Christopher Cascio was born in New Orleans, and lives and works in Houston. He went to school at the San Francisco Art Institute and the University of Houston. Over the past decade his art has dealt with themes of obsession, compulsion, and ritual practice. The work now primarily consists of hard-edge abstraction (paintings) and is influenced by traditional quilting designs. Color and its transformative effects on the human psyche figure heavily. The paintings come from a spiritual place and serve as a fount of positive energy for those who take the time to look deeply. The act of painting is curative and creates an aura of healing around the work.

What led you to teach?

I went to graduate school at the University of Houston and one of the things that interested me in the program was the teaching fellowship, which gave me a position teaching Drawing I and Painting I courses. So, I came out of there with two years’ experience being the teacher of record. When I graduated, I immediately quit my job at a non-profit and cashed in my retirement plan to live on and do a show in NYC. I also joined the faculty at the arts high school I had gone to and began teaching as a consultant there. When the money ran out, I was offered a job teaching adjunct at Sam Houston State University in Huntsville, which is about 80 miles from Houston. I’ve been there for seven years now.

In your experience, what are the merits and shortcomings of institutional art education?

I could probably go on and on about this, but I will try to be succinct. I think the shortcomings are the price and the fact that except for teaching, the piece of paper you get (your degree) won’t really do much for you in the real world. You can develop as an artist just as well without going to school, and in some cases better. This is because depending on who is teaching you, you can get a warped view of art, and it can hinder your intuitive thinking by having professors that try to mold you into something specific they have in mind. The merits are mainly related to being in a community of artists with like-minded goals. You will have lots of opportunities to get your work critiqued and have differing viewpoints on all things art. You will have access to facilities you may never have again. A lot of programs come with studio space. Mostly it will allow you to make connections within the school and outside in the art world of whatever city you wind up in.

Did you have any formative mentors as a young artist?

I had teachers that helped foster my creativity. Going to an art high school was helpful, and I studied with Carlos Villa, Paul Kos, and Tony Labat at the San Francisco Art Institute. I didn’t really have a mentor until my 30’s when I got more serious about a career in art and enrolled at the University of Houston for grad school. The head of the painting department there, Aaron Parazette, helped me immensely in figuring out how to have a career. His wife Sharon has also been a great supporter and actually pushed me to go back to school in the first place.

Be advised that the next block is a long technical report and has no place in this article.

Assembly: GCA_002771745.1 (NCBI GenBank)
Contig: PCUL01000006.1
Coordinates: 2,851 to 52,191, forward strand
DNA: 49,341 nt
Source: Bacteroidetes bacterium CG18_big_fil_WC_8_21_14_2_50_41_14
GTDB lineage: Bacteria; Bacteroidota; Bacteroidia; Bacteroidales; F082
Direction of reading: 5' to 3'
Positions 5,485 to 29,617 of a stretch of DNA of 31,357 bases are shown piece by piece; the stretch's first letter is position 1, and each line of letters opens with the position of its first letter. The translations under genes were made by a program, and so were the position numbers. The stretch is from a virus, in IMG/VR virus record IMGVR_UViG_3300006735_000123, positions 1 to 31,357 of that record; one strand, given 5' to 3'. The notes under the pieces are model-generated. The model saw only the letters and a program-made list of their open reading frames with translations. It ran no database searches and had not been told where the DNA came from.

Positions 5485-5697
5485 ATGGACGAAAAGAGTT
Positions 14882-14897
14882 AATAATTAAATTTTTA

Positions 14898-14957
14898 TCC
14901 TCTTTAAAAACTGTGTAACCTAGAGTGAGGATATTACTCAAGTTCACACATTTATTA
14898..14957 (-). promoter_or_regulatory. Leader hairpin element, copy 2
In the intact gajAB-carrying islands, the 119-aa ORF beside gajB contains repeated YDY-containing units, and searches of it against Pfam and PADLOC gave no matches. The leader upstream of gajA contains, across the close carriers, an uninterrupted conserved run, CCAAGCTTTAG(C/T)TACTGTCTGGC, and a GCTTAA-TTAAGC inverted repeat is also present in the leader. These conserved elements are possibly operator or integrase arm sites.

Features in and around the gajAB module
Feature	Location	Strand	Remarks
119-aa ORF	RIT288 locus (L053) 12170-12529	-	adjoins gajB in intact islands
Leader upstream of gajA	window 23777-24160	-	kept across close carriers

Was it always your intention to be a career artist?

It has been since I was a child, yeah. I knew I wanted to go into visual art, and my goal was to go the art high school and then to art college. So, from 9th grade on, I was preparing for a life in art.

Unfortunately, as I came out of San Francisco Art Institute, I had no idea how to go about being an artist who made any money at all. The school gave zero practical advice about how to do that, so I floundered for about a decade with no direction or clue of what to do. A lot of things happened in my life around age 30 that gave me the push I needed to make the next steps and start building an actual career, instead of just making art and hoping something would happen with it.

What advice would you give to your younger self right out of school?

I would have encouraged myself to stay in San Francisco instead of immediately moving away to a city where I didn’t know anyone. I left all the connections I had made behind, and in hindsight, that was a bad idea. I would also tell myself to be more proactive about socializing within the art scene.

It was the late 90’s when I graduated, but if I came out of school now, I would make sure to have a working website and also have a presence on Instagram. That way if someone is looking your work up, they will find things that make you look at least somewhat established, and you can control the quality of the images, etc.

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